Nikos Aliagas, TF1’s preferred television host for almost 20 years talks to LiFE magazine readers about his life, his passions in life and his love for what he does.
A pretty difficult period that gave us time to reflect upon our everyday commitments is drawing to a close. Did you go through this self-reflection phase yourself?
In today’s modern world we are expected from a very young age to become “someone”, a sort of superhero, you have to work, to push your limits, get a good job … but we’re forgetting the most important, I mean, we shouldn’t be continually focusing on gaining a certain position in society. It is important not to forget what is most essential : family, love… the equation is easy to understand, if there was a lack of love before the lockdown, there won’t be any afterwards! And unlike many people, my Greek temperament meant that during this period I chose not to speak out. I read a huge amount, I concentrated on protecting my family, just as our ancestors would have done. The world was given the time to reflect, but the virus is still here, we adapt how we behave. We are living in a time of contradictions and the situation is coming to a head. Our finiteness and mortality is there before our very eyes, creating a need to return to the most essential things in life.
Are there things you have changed or improved in your everyday life? What new priorities do you now have?
To cherish our freedom! I have always sought to maintain my freedom of thought, my dignity with the freedom we have. I choose the path I walk, and if I get it wrong, it doesn’t matter. I’ve always followed my instinct, a sort of animal instinct! For both my private and professional projects. I try to be in tune with who I am to protect my family.
You have your roots in Greece where family is also extremely important. Have you ever thought about moving back to live with them?
That’s a good question, the return to the island of the islander! This is a recurrent theme in Mediterranean literature. I did it when I was 30, at a time when things were going well. I was chief editor at Euronews, I was earning good money. But I still left, like a sort of family heritage. I wanted to experience the “homecoming” but I soon realized it was not such a good idea. I felt at home in Greece but my country is France, I was born here. The Greece I cherish is deep inside of me.
You are an emblematic figure on TV ut you also have a number of other activities, TV radio, writing, photography … Is there something else that could motive you?
Like writing a film you mean? I would love to direct a film. Unfortunately I’m interested in things that wouldn’t interest others! I could see myself directing a short film in black and white about a gypsy’s hands as he takes his clarinet apart! I want to do a number of things so I don’t regret not having done them. What motivates me with the TV is the unknown: doing it live. To manage to convey something to the viewers, this interests me. It really gets the adrenaline going.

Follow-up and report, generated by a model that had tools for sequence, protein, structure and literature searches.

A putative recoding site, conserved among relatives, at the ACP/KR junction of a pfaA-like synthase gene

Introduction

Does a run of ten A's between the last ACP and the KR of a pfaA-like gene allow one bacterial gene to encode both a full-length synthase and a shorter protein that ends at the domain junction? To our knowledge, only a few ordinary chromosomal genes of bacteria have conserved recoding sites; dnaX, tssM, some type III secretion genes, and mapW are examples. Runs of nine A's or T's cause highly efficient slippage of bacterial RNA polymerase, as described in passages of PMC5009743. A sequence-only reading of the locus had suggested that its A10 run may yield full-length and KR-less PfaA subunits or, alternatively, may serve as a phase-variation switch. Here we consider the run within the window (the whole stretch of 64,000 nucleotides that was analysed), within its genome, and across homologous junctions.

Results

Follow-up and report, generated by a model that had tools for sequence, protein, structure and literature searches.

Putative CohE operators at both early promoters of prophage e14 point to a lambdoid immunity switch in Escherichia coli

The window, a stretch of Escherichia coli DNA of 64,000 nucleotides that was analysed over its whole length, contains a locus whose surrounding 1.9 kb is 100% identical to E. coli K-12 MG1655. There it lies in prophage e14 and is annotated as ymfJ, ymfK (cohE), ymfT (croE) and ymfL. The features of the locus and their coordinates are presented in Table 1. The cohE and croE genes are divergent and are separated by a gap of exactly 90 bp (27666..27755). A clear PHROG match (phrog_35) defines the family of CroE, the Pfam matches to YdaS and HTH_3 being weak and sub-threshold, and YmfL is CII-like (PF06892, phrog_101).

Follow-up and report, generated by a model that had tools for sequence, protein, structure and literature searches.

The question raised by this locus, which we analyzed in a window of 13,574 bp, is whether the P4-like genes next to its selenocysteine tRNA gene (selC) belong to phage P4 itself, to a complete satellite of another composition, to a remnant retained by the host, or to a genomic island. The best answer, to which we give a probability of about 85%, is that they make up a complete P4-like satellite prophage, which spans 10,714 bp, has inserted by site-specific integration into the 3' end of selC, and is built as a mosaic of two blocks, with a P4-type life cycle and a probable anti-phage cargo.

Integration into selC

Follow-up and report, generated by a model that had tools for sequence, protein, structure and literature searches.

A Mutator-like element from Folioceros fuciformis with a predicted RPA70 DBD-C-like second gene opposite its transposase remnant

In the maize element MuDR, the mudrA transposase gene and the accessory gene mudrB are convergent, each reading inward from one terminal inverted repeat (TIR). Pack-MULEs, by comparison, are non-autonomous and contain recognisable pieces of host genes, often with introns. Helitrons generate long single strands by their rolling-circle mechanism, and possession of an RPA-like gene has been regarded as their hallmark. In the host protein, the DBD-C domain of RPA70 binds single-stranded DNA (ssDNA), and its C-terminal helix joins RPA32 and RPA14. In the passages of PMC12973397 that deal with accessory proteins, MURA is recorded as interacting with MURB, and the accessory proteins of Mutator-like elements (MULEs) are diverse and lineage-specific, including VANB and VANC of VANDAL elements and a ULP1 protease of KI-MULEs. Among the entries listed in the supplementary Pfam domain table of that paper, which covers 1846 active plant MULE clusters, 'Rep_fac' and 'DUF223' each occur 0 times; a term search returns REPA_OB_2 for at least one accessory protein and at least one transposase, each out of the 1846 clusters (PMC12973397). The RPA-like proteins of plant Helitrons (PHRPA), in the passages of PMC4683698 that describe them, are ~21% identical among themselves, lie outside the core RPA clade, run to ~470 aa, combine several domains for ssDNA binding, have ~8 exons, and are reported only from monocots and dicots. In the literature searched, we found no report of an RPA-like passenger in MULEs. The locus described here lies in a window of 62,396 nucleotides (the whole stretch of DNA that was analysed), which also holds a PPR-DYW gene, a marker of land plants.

You’ll soon be kicking off the tenth season of The Voice on TF1. Are you just as motivated as before or has it become something of a routine?
It’s never the same story. Because with the coaches we’re all in a sort of vacuum, we’re together all the time and focusing on finding emotions and voices, this is our battle. The filming takes weeks. I accompany the talents. For example I was there when Kendji arrived with his family! The same goes for Amir. Many have gone on to make a name for themselves! I put others in the spotlight, like a sort of facilitator.
Will the coaches be the same?
It’s too early to say, but we do get on well …
There is talk of a return of Star Académie. What are your thoughts on this, do you think it’s a good idea?
It’s just a rumour. It’s an old programme. I’m not that nostalgic for this period in time. But, on the other hand, it could be fun to do a prime-time show with those who took part to see what’s become of them.
For a long time now you’ve moved on from one project to another. Do you get the feeling you were born under a lucky star?
When I was born, I wasn’t supposed to have survived but someone or something protected me. I had a postnatal trauma and had to be separated from my parents. I suffered, and like a lot of people in the limelight it should be said, many well-known personalities have tragic stories to tell. And this is when fatality can become tenacity with a determination to survive, like a lucky star. A natural instinct if you prefer.
Today you are also known as a talented photograph. What does photography offer that the television doesn’t?
Photography offers a kind of serenity and space of time, something I don’t have with television. It’s wonderful. What I do on the television is for others. Photography provides access to more private emotions. I means I can reveal who people really are and portray them. It’s a very special moment because they trust me to photograph them.
Could photography become your sole occupation? Would you be prepared to drop television to devote all your time and energy to photography?
We’ll see … one doesn’t necessarily go without the other. We’ll see how things evolve, naturally. I’ve already lived a number of different lives, so who knows?
In just three words, how would define yourself?
A man, uomo.
What would you like to wish readers of LiFE magazine for the end of the year?
That they honour and respect every minute of life without fear, that they make the most of what they have. Life is Life!